Going under the couch cushions, my favorite audience question from the Vancouver IEEE Consultants Network
Last night, I gave a presentation on the quote to cash process at the IEEE Consultants Network in Vancouver, Canada. My favorite audience question was, “how would you recommend a firm start encouraging our professional services managers to look under the couch cushions?”
“Going under the couch cushions” is my semi-joking name for a strategic backlog review. I have children, and there are only two things I find under my couch cushions: spare change, and messes that need cleaning up.
In professional services, the spare change you find in the backlog comes from those customers with an odd number of hours left and an open Statement of Work. In these cases, the contract specified time and expenses based billing, and the project is done, but there are some hours left over. More often than not, the professional services firm’s finance department expects that those hours are going to become revenue shortly. The client has an open purchase order and expects to be billed for those hours. By periodically looking at all deals still in the backlog, it is possible to identify clients where you can position a “new” service offering with them. From the client’s perspective, this is a good deal, as they already have an open purchase order. It is often just a case of filing a change order to modify the terms of the original Statement of Work to include a new activity that uses up the ‘spare’ time.
There are also messes under the couch cushions. Those are the deals where the client has gone dark or is actively resisting scheduling their engagement. Where there was a change order to put the project on hold, and the client does not answer your phone calls. If you have enough of those, it is a mess, because finance expects that backlog will become revenue under normal circumstances.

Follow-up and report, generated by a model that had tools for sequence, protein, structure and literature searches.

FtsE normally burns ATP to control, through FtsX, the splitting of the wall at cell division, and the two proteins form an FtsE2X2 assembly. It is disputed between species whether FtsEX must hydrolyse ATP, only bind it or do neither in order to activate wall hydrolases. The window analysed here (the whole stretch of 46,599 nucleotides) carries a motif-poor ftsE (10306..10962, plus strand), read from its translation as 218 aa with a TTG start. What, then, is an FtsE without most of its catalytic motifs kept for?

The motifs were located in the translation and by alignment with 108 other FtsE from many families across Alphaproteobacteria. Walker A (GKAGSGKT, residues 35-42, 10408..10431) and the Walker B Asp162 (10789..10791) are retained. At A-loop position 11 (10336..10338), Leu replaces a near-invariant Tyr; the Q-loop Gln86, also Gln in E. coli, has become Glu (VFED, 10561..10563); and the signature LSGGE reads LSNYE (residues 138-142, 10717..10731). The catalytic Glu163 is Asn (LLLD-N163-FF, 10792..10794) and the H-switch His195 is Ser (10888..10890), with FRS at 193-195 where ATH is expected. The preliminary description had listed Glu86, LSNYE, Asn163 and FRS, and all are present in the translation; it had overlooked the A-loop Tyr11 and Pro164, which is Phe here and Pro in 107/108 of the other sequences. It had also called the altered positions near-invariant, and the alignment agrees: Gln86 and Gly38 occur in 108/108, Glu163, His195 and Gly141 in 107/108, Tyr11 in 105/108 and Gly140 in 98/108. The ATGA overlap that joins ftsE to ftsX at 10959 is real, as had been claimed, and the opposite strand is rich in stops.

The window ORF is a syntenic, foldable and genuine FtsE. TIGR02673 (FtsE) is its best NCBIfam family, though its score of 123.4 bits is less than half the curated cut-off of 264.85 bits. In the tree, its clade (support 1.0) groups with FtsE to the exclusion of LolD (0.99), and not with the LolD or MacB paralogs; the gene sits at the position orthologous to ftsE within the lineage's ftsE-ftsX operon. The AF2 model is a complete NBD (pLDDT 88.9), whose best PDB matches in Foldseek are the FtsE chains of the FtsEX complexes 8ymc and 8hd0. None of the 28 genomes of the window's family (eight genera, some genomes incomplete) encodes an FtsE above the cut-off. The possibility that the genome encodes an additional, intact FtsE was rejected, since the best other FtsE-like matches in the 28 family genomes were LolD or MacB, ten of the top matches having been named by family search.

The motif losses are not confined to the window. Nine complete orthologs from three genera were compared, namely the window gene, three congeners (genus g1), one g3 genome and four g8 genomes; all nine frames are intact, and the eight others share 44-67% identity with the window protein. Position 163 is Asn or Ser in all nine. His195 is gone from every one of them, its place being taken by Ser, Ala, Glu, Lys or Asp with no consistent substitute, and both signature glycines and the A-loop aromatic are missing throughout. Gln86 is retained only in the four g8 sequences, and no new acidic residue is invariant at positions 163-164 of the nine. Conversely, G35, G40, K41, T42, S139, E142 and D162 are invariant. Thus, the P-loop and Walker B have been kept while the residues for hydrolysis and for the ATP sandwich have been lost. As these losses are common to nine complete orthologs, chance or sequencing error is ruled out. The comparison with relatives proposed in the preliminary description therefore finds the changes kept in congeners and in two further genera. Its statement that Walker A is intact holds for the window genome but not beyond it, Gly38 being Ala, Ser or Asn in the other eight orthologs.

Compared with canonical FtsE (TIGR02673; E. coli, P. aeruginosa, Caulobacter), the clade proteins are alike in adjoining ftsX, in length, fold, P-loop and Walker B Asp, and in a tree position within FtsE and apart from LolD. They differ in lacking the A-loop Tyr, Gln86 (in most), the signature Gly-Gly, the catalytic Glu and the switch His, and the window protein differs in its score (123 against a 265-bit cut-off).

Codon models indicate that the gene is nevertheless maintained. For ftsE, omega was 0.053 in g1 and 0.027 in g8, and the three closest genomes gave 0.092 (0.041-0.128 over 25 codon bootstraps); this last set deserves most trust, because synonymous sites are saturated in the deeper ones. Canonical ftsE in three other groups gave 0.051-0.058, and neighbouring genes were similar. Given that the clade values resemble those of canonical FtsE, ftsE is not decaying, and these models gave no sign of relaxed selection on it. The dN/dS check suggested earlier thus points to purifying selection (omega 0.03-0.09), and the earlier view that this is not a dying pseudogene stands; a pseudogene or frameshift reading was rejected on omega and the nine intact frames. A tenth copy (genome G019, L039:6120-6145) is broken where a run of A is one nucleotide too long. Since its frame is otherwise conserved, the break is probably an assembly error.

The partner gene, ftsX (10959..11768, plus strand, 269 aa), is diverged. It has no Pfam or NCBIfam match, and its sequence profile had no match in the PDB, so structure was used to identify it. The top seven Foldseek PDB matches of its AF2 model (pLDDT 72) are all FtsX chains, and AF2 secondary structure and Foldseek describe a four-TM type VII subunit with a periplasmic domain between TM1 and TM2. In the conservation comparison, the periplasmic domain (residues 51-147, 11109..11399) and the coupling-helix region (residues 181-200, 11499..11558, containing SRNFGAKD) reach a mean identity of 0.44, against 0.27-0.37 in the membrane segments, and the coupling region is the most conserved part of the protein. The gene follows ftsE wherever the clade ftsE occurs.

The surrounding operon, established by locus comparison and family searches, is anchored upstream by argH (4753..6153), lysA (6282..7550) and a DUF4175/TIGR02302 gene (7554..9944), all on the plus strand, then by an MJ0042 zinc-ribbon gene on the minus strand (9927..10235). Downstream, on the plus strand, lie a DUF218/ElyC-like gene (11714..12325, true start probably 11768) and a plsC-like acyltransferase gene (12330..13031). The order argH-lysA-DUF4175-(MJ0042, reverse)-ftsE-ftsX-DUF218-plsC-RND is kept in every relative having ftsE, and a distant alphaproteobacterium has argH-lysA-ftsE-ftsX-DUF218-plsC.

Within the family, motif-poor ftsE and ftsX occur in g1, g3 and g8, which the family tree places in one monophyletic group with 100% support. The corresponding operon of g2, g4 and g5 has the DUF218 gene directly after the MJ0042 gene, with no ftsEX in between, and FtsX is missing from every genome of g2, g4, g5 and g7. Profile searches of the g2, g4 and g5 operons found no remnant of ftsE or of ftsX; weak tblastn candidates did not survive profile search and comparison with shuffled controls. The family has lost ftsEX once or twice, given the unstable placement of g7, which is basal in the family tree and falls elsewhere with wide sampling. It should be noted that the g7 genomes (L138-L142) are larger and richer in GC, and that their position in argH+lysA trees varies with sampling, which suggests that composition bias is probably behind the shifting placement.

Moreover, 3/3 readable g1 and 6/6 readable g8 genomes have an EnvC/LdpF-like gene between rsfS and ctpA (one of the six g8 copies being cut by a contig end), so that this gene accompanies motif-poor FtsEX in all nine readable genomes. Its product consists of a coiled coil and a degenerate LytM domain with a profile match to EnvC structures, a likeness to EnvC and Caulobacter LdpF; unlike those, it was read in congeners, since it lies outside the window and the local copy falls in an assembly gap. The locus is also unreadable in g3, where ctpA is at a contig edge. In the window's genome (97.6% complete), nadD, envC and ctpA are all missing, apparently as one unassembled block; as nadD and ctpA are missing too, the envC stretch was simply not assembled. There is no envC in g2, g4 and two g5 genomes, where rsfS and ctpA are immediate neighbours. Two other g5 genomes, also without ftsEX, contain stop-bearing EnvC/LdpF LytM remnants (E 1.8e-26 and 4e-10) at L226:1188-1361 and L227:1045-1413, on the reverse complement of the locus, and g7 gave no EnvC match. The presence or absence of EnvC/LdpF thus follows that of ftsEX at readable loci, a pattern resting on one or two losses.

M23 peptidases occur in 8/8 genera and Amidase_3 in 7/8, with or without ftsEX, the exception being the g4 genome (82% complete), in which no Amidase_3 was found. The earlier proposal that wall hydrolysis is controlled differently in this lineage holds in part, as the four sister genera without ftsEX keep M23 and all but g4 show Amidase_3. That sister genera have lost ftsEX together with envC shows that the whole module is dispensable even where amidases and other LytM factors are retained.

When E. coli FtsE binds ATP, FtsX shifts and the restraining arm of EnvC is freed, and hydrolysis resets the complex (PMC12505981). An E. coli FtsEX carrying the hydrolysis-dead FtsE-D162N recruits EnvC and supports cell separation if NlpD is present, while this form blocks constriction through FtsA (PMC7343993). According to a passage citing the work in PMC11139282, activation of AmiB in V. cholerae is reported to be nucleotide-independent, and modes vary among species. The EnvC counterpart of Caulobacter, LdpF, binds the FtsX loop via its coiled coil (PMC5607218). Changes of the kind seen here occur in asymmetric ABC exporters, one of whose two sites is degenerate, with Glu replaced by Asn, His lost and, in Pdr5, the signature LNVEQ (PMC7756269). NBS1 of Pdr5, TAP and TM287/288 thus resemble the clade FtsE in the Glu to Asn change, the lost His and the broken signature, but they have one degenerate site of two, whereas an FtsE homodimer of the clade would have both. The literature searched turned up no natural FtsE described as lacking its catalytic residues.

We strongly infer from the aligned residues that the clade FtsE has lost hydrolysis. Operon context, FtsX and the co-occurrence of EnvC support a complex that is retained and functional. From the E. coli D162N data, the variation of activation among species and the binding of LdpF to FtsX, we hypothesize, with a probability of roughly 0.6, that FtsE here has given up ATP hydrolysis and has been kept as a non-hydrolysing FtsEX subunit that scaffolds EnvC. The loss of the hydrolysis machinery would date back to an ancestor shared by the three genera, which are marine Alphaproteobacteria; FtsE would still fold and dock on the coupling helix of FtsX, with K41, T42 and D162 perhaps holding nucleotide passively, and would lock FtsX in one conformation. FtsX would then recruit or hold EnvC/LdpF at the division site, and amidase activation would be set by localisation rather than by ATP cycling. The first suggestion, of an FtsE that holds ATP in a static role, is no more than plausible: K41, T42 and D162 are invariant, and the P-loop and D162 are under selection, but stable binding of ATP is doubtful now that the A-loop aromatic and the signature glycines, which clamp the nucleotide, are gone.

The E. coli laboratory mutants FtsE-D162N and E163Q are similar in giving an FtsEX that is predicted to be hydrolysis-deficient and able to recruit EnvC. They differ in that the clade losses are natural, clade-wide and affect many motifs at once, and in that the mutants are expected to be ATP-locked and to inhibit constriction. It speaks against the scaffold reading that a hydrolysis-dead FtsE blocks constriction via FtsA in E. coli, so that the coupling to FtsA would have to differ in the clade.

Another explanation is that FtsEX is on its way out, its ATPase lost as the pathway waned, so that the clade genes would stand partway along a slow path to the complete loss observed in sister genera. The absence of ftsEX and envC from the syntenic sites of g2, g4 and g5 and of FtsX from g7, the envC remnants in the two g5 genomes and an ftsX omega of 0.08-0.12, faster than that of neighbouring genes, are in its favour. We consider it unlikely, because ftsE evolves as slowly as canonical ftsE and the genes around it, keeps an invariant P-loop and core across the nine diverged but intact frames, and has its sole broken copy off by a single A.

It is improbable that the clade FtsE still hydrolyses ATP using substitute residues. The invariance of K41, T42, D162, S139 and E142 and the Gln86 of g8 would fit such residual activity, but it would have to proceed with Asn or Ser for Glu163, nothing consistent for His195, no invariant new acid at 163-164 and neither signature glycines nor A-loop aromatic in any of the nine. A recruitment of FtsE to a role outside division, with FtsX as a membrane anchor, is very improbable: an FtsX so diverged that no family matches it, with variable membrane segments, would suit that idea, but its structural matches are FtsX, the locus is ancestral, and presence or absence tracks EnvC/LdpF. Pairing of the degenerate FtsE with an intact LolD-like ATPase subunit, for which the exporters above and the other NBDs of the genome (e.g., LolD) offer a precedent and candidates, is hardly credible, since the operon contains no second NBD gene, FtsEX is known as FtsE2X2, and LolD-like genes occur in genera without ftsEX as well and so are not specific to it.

A regular strategic backlog review should be considered an ethical mandate for professional services managers. Failing to clean up the backlog means that your firm is potentially misreporting their finances. Under normal circumstances, financial forecasting is tied to the amount of backlog, and that assumes that the backlog is genuine.
However, not everyone sees this as an ethical imperative. In these cases, a firm can re-define the role of the professional services manager to include a strategic backlog review. Your firm could choose either positive incentives – essentially bonuses from preventing revenue leakage caused by stale backlog – or negative incentives, depending on how your firm is philosophically oriented. Whether or not a professional services manager regularly conducted a strategic backlog review can be an evaluation criteria on a quarterly review form. Many people will need some form of motivation because going through a backlog review can be viewed as an inherently upsetting process. However, it beats the alternative of your firm learning that you will miss your revenue targets for a quarter.